Health Market Studies
At CHMI, we focus on the health market: the actors and interactions that define it, and the interventions that improve the way it works for the poor. To gain a better understanding of these mechanisms, CHMI commissions thematic studies on topics relevant to health markets. Two studies—on informal health providers and drug retail stores—are currently underway. Additional topics will be determined based on the interests of the CHMI audience.
STUDIES CURRENTLY UNDERWAY
Study of Informal Health Market Dynamics
Informal providers are individuals who are not formally trained or monitored to perform the full scope of services that they offer. They are an important contingent of the broader health market, comprising over 50% of the sector in India and close to 96% in rural Bangladesh, according to some estimates. While the quality of their services is often debated, informal providers are a significant source of care for many poor individuals in the developing world.
Studies completed by others have focused on understanding slices of the broader informal health market – who are IPs? Where do they practice? What type of services do they offer? But informal providers don’t work in isolation. They function within a network of peers (both formal and informal), suppliers, consumers and entire communities, each offering their own unique set of incentives and influences that impact IP behavior. CHMI is looking to better understand these interactions in an effort to identify opportunities where interventions can affect positive change.
To do this, CHMI has selected 3 grantees to study the dynamics of the informal market for health in a sample of locations. The aim of these studies will be to inform a set of recommendations for policymakers and practitioners about the potential opportunities to leverage informal providers for better health and/or mitigate the challenges they present. A detailed overview for this study is available here.
Bangladesh: “The role of drug sellers in the informal medical markets: an exploratory study for effective interventions”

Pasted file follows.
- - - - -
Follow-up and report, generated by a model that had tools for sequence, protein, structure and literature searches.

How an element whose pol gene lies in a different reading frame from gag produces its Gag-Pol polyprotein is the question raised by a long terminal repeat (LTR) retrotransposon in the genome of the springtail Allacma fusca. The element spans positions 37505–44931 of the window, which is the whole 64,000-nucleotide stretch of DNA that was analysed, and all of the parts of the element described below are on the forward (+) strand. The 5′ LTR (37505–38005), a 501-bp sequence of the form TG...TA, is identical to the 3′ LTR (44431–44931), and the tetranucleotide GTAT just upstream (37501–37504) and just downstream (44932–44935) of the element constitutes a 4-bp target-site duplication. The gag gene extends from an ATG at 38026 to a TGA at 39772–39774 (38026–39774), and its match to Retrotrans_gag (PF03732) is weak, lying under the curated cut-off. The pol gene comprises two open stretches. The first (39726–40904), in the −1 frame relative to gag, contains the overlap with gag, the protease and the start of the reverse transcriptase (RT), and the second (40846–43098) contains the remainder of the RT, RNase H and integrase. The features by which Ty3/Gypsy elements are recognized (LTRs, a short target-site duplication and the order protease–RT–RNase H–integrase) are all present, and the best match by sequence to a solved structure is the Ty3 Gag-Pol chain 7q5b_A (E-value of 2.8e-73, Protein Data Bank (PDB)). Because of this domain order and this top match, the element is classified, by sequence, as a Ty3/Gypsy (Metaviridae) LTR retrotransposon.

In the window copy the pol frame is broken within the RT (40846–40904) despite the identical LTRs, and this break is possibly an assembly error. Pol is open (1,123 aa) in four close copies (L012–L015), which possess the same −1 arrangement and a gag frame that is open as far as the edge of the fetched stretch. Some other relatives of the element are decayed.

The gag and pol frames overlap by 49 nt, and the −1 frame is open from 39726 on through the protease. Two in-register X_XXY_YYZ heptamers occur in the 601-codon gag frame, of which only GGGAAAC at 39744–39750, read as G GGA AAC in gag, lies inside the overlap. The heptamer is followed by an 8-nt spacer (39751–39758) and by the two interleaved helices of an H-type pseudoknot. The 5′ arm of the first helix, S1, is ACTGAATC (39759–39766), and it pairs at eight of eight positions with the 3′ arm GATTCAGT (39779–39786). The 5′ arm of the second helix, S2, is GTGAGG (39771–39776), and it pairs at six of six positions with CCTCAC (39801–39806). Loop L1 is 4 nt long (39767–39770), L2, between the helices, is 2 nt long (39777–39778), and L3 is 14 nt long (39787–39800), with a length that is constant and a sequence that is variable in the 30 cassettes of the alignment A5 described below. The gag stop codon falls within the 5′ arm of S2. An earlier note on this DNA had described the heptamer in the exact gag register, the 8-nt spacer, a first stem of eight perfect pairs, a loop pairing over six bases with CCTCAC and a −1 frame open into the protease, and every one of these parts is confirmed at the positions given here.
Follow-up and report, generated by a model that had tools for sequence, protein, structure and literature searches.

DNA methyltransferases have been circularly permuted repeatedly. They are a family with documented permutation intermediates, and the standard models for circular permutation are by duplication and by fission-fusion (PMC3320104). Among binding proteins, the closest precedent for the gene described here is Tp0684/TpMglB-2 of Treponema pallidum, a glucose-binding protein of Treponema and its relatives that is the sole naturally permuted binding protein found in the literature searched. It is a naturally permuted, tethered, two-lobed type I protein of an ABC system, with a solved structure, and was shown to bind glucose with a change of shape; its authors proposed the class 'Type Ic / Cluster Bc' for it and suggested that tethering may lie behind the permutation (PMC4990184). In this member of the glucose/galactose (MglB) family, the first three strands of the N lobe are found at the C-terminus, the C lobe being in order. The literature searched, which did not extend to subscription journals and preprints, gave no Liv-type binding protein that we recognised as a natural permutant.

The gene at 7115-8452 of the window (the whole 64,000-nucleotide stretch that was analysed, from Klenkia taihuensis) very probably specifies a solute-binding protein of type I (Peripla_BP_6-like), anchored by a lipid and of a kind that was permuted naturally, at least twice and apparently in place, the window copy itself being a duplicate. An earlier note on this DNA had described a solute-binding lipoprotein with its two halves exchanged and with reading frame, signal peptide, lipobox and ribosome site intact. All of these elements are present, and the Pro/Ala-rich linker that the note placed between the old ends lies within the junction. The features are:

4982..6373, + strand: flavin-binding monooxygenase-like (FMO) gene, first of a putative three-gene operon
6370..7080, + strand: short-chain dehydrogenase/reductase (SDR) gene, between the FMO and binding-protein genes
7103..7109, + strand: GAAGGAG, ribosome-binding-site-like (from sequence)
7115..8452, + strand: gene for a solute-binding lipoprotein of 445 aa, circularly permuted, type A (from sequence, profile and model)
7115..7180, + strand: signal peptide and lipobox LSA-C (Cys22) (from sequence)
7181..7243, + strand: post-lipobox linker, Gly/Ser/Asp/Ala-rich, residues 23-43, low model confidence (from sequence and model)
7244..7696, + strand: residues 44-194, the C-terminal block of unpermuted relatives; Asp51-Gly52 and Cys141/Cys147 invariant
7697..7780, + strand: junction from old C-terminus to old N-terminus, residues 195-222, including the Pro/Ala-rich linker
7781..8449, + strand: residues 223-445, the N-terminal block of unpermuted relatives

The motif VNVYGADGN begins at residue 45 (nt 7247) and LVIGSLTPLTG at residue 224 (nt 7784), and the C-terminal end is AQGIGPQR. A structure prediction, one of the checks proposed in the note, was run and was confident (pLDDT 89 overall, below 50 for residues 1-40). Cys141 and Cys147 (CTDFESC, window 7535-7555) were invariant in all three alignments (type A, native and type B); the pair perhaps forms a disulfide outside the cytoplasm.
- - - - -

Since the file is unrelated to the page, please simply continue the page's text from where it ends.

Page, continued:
Grantee: Nabeel Ashraf Ali, Shams El Arifeen, and colleagues, International Centre for Diarrhoeal Disease Research, Bangladesh (ICDDR,B); James P Grant School of Public Health-BRAC University; Institute of Development Studies; Bloomberg School of Public Health-John Hopkins University
India: “A study to inform integration of informal rural health providers into the formal health system in India.”
Grantee: Dr. Meenakshi Gautham, Garhwal Community Development and Welfare Society (GCDWS); Centre for Research in New International Economic Order (CRENIEO)
Nigeria “A Study of the Role of Patent Medicine Vendors (PMVs) in the Informal Anti-malarial Market in Nigeria.”
Grantee: Professor Oladimeji Oladepo, Faculty of Public Health-College of Medicine, University of Ibadan; Institute of Development Studies
Fieldwork for these studies has been completed and the preliminary results have been shared at a meeting in Dhaka, Bangladesh in March 2012. Read a summary of the event here.
A summary of the findings from these studies is attached.
Counterfeit and substandard drugs, pervasive in many developing countries, are therapeutically ineffective and often toxic, which can exacerbate the burden of disease in many poor communities. While conventional policies such as law enforcement or holograms on drug packaging have shown limited effectiveness against this problem, the high-quality pharmacy chains may be an alternative way to improve drug quality. To find out if these chains hold promise, CHMI is working with the Institute for Economic Development (IED) at Boston University to carry out a study to evaluate the effect of entry by MedPlus, a high-quality chain pharmacy, on drug quality in the health marketplace in Andhra Pradesh, India.
The research team will measure drug quality through a mystery shopper audit, in which surveyors will pose as actual consumers in order to purchase medicine under realistic conditions. Drug audits and chemical analysis of these drugs will be carried out before and after entry by MedPlus, at pharmacies in both treatment and control markets. Results of this study are expected to be released in early 2012.
For more information about CHMI Thematic Studies, please contact Maria Belenky at firstname.lastname@example.org.
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